“Oh, Photography is easy, all you do is take pictures.” If I had a dollar for every time I've heard these words come out of someone's mouth, I'd be rich. Often times, people don't understand the complexity of photography. Rapid developments in technology have made taking pictures as easy as clicking a button. Someone technologically challenged can now take pictures “like a pro”. Yes, anyone can take a picture, but can they take consistently good pictures? Photography exists as a profession because there is a need for visually stimulating art- for people to enjoy and/or for usage in marketing campaigns.
Photography is used in virtually every visual aspect of life. There are a variety of genres in photography, including fashion, sports, weddings, architecture and even food. The two most commonly known mediums of photography, film and digital, are very different from each other. Then there is the terminology. Mention aperture, shutter speeds, ISO, and resolution to a bunch of non-photographers and they will probably shake their heads in confusion. These are all terms that are extremely useful to know when it comes to composing and taking a picture. Manual dexterity is needed in photography as well as a good sense of color and composition. The way a subject is placed in photograph can maximize the effect it has on the viewer.
I think the belief that photography is easy comes from the fact that the subjects in a photo are concrete. Similar to the brainstorm process in painting, there is an extensive and premeditated process to run a photo shoot. For example, when preparing for a shoot with Teens In Print Newspaper, we first read all the articles and jot down possible photographic ideas. Then as a group, ideas are discussed and sorted. Certain things are taken into account--will we have enough space? Enough time? Do we have people that can be photographed? Will this idea be appropriate? And the list of questions continues. After we select ideas, we set up the shoot. The background needs to be adjusted, maybe tripods are set up, lights are set up and turned on, and sometimes reflective boards are set up. After setting up, test shots are taken to determine whether we are ready for shooting or adjustments need to be made. After a nice variety of shots are taken, the pictures are uploaded and sent to the computer for editing. After editing, the images are sent to the client for approval. This is just a broad description of what goes on in AFH's photography studio. It takes creativity, as well as careful planning and execution, to come up with a concept that will attract viewers and be aesthetically pleasing.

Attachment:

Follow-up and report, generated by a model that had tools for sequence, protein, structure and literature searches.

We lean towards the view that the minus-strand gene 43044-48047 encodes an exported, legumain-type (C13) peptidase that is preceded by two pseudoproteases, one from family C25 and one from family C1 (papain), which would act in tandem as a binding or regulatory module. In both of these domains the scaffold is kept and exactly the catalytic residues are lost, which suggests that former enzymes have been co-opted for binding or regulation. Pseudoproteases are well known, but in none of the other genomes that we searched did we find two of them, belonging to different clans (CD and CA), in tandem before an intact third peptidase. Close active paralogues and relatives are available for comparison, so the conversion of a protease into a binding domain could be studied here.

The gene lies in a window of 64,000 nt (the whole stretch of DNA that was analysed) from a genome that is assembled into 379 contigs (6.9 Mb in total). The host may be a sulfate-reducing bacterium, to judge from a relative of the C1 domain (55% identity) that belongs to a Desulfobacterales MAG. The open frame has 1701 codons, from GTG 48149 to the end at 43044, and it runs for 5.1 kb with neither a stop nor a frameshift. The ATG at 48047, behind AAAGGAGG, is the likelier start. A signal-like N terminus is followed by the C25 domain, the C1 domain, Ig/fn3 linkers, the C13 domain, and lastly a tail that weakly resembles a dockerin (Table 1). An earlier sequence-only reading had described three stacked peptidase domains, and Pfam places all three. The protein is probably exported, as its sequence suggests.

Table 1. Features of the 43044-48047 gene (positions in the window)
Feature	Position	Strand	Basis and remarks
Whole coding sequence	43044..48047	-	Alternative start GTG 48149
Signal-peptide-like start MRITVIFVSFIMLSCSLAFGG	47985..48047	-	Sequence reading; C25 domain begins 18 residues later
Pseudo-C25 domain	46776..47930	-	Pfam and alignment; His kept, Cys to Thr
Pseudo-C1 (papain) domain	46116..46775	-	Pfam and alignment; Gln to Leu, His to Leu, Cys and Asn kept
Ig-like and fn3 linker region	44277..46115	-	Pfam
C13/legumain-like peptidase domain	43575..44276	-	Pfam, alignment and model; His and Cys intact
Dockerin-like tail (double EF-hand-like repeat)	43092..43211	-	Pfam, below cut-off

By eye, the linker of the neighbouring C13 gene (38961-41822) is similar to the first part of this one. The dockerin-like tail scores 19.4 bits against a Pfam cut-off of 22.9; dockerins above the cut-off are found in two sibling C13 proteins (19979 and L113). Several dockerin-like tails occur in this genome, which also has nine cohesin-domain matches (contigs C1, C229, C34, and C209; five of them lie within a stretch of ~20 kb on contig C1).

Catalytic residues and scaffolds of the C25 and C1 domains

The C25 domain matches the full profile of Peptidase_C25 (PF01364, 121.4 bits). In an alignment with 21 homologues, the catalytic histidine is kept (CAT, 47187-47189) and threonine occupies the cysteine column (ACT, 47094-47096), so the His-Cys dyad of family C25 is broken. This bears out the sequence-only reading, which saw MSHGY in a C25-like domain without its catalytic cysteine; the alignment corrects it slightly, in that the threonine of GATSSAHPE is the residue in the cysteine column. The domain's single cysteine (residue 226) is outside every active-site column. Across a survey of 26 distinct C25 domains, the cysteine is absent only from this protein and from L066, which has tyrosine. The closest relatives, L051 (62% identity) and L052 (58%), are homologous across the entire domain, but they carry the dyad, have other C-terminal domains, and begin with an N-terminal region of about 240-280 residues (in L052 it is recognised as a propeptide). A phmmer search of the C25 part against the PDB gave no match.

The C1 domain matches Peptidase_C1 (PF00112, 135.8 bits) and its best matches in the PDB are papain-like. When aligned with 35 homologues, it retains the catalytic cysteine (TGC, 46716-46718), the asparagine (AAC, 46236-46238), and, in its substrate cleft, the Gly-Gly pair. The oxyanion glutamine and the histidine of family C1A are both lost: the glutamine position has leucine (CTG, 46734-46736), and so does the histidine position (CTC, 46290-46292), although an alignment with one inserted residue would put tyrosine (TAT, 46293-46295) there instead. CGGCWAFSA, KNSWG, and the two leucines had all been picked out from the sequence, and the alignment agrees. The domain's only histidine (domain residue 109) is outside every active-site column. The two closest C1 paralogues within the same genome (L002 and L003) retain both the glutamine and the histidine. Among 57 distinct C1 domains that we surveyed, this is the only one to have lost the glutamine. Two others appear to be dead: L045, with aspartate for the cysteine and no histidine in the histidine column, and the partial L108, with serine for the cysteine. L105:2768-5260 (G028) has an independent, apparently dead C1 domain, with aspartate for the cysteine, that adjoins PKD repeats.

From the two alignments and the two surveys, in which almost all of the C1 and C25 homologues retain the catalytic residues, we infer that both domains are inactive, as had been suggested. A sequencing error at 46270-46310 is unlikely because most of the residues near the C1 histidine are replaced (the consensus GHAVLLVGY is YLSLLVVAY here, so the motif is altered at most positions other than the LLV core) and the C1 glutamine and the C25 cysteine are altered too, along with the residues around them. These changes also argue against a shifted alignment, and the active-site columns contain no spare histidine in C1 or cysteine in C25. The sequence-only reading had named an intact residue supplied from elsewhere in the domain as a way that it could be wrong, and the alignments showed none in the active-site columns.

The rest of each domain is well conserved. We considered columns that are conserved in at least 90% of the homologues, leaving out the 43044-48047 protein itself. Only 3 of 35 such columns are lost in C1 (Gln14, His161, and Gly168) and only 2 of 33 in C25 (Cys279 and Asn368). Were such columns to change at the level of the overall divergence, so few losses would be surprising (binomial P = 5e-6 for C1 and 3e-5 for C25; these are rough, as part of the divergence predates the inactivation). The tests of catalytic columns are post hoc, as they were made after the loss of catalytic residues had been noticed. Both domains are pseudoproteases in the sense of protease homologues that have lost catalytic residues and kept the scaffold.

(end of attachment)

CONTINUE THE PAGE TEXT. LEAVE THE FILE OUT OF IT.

Photographs by AFH artist, Chris Rogers